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Next Week's Prayers


Sunday Morning Bible Class

". . .The effective prayer of a righteous man can accomplish much." Jas. 5:16

Prayer Exercise

Most people have some sin for which they feel as deeply grieved and shamed as did David. What's yours?

Thinking about such a sin might well produce some of the same emotional responses as did David's. If you feel such an emotional respon se, don't ignore it, or shut it off. Sunday Morning Bible Class

40 Great Prayers of the Bible

Farmerville Church of Christ

Use your deep emotions, even shame and guilt to seek God's forgiveness in prayer.

Farmerville Church of Christ 306 E. Franklin Street Farmerville, LA. 71241

David's Prayer for Forgiveness Psalm 51 Prayer Study #30

Study Series by Bill Denton, D.Min.

Phone: 318-368-8666 Email: [email protected]

What Can We Learn?

1. J. Vernon McGee gives an illustr ation to show that sin is complicated, and complicates life. If I said I had a crooked stick behind my back, ever yone would have a different idea of how it looked. But, if I said I had a ruler and it was perfectly straight, all would know exactly what it looked like. In the same way, sin complicates, but goodness keeps life simple. 2. David uses three different wor ds to describe his violation of God's will:] Transgressions -- depicts a spirit of defiant disobedience against God; To transgress is to step over the bound aries of God. Iniquity -- represents a perversion, a distortion of that which is straight; that which is altogether wrong. Sin -- denotes a missing of the mark, a deficiency with respect to i ntent or purpose; we don't come up to God's standard, and it is in that sense that all of us today are sinners. 3. Evil is that which is actually wrong. David uses this word to speak of the fact that he was wrong. He admitted it. 4. David found himself under the co nviction of his sin. 5. David demonstrates to us the valid reasons and method of confession. 6. Hyssop (Ps. 51:7) was a Middle Eastern plant used frequently in purif i-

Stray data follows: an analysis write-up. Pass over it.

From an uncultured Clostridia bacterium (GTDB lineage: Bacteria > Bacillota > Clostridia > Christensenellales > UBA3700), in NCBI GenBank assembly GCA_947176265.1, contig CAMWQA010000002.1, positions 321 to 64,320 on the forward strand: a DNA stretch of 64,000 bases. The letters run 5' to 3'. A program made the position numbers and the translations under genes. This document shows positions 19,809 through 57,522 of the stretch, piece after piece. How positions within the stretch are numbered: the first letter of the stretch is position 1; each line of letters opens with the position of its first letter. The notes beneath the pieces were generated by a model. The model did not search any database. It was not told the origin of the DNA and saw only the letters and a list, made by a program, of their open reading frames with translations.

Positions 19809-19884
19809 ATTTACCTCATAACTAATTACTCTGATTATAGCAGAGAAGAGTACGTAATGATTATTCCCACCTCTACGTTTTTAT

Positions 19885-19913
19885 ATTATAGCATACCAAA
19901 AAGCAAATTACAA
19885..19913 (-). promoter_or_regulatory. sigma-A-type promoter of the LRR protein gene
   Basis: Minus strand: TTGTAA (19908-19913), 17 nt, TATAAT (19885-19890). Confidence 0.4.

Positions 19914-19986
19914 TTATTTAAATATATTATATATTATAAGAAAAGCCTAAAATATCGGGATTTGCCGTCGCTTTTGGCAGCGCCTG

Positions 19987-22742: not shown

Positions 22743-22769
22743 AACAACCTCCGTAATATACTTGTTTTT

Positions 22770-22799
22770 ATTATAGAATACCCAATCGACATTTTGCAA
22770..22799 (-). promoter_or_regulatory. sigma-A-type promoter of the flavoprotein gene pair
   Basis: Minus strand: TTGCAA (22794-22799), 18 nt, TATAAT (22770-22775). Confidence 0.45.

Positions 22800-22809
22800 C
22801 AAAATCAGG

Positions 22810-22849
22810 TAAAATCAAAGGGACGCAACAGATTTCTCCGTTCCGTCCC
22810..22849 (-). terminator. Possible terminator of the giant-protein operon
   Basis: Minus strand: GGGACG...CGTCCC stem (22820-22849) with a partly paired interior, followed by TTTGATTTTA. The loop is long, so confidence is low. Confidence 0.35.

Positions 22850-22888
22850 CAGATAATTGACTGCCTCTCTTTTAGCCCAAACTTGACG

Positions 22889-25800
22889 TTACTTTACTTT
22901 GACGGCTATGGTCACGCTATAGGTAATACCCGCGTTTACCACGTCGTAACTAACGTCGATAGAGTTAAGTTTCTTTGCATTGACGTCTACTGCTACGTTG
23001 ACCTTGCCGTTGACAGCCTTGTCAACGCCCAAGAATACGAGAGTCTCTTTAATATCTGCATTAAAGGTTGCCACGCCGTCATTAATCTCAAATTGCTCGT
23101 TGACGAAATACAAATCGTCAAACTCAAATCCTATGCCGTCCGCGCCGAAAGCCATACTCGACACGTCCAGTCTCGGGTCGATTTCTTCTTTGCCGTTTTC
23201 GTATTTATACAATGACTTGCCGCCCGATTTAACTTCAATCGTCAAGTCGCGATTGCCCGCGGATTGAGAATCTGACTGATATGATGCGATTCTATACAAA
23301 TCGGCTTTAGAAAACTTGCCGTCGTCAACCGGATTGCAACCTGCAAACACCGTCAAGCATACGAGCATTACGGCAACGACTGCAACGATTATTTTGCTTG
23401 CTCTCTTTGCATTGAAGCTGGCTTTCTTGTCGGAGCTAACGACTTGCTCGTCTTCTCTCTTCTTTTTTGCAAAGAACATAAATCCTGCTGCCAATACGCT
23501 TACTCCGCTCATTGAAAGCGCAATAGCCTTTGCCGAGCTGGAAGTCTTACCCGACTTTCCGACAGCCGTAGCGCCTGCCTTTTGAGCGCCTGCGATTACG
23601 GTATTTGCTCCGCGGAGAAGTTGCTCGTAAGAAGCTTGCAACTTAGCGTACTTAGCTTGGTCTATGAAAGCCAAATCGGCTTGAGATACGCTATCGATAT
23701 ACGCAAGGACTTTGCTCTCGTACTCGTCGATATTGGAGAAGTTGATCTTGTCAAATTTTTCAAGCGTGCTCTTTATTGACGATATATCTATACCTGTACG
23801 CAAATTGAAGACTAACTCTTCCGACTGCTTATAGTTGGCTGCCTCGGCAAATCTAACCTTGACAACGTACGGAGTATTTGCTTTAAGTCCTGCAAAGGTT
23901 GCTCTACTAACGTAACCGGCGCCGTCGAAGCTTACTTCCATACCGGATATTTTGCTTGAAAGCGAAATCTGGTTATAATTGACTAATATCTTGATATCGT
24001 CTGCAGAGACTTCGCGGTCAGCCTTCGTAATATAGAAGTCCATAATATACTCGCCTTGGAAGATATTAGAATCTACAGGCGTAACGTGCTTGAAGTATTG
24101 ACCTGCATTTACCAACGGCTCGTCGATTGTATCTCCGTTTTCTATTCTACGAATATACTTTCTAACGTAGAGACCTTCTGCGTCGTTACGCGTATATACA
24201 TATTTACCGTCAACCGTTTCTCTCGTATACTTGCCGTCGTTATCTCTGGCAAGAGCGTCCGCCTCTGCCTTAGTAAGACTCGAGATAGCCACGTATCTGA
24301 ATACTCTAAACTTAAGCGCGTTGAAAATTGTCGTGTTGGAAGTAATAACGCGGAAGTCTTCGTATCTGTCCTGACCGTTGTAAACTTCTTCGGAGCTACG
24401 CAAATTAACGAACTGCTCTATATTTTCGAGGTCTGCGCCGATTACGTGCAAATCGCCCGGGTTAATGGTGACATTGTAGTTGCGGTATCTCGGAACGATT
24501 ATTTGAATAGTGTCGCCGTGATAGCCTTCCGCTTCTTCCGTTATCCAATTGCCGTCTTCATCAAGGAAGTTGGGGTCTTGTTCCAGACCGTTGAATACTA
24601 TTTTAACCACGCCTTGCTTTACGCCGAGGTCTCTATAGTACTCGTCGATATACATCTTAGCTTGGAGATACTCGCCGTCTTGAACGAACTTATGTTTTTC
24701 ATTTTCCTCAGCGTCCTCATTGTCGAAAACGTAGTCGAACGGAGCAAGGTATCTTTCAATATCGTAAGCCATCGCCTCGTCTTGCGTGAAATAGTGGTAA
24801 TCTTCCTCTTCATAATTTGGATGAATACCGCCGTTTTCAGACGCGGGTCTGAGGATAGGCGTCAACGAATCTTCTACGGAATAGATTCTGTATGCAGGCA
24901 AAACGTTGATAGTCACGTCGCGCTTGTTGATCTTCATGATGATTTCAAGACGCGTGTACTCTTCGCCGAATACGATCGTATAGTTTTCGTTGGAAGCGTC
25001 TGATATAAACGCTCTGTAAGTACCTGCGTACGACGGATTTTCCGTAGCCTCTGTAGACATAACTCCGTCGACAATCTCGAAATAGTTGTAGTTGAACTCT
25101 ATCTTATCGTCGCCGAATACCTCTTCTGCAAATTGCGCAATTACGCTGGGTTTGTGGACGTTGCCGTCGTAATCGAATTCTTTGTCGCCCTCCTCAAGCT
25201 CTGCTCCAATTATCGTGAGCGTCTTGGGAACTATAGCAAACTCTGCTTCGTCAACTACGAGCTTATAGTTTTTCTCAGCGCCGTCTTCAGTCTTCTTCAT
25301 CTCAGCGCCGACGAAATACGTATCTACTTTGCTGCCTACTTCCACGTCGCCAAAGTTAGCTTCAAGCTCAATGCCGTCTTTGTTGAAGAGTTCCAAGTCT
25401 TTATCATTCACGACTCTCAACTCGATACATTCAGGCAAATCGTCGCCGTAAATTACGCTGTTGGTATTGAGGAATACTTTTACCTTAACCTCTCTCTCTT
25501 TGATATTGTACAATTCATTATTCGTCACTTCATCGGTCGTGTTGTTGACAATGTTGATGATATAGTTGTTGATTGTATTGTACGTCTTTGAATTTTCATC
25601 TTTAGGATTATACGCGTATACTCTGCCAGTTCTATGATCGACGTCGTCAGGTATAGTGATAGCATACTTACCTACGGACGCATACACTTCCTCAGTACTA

David's Prayer for Forgiveness Psalm 51

It is generally accepted that this Psalm was written following David's sin with Bathsheba and following the co nfrontation of the prophet Nathan. 2 Sam 11:1-17 and 12:1-15 record both events. David committed adu ltery with Bathsheba. Perhaps he thought no one would know of the sin, but when Bathsheba revealed that she was pre gnant, David compounded the sin but first trying to deceive her husband Uriah, then having him killed by ordering him to a place in battle where he was sure to die. Nathan, in the role of God's prophet, enabled David to pronounce his own guilt in the matte r. At some point, this psalm resulted from David's prayers.

cation rituals among the Hebrews. It was used to apply blood to the doo rposts during Passover (Ex. 12:22) and as part of the red heifer sacrifice (Num. 19:6). Hyssop was also used to cleanse lepers and to purify houses of leprosy (Lev. 14:6, 9, 49 ­52). 7. David also demonstrates the effe ctive plea for cleansing and commu nion. 8. The word "create" in vs. 10 is the same word as in Gen. 1:1. It is su ggested that in both places God creates something out of nothing. In Ps 51, what David needs is a new heart, not a renovated, rebuilt old one. 9. David also shows us that true repe ntance is a result of something that ha ppens in the heart.

Questions to Ponder

1. In what ways can we relate to David's despair over his sin? 2. Is it possible for some forms of anx iety and depression to be the result of spiritual problems and sin? If so, how and why? 3. Why do you think vs. 13 is in this psalm? 4. How does a person develop a br oken and contrite heart?



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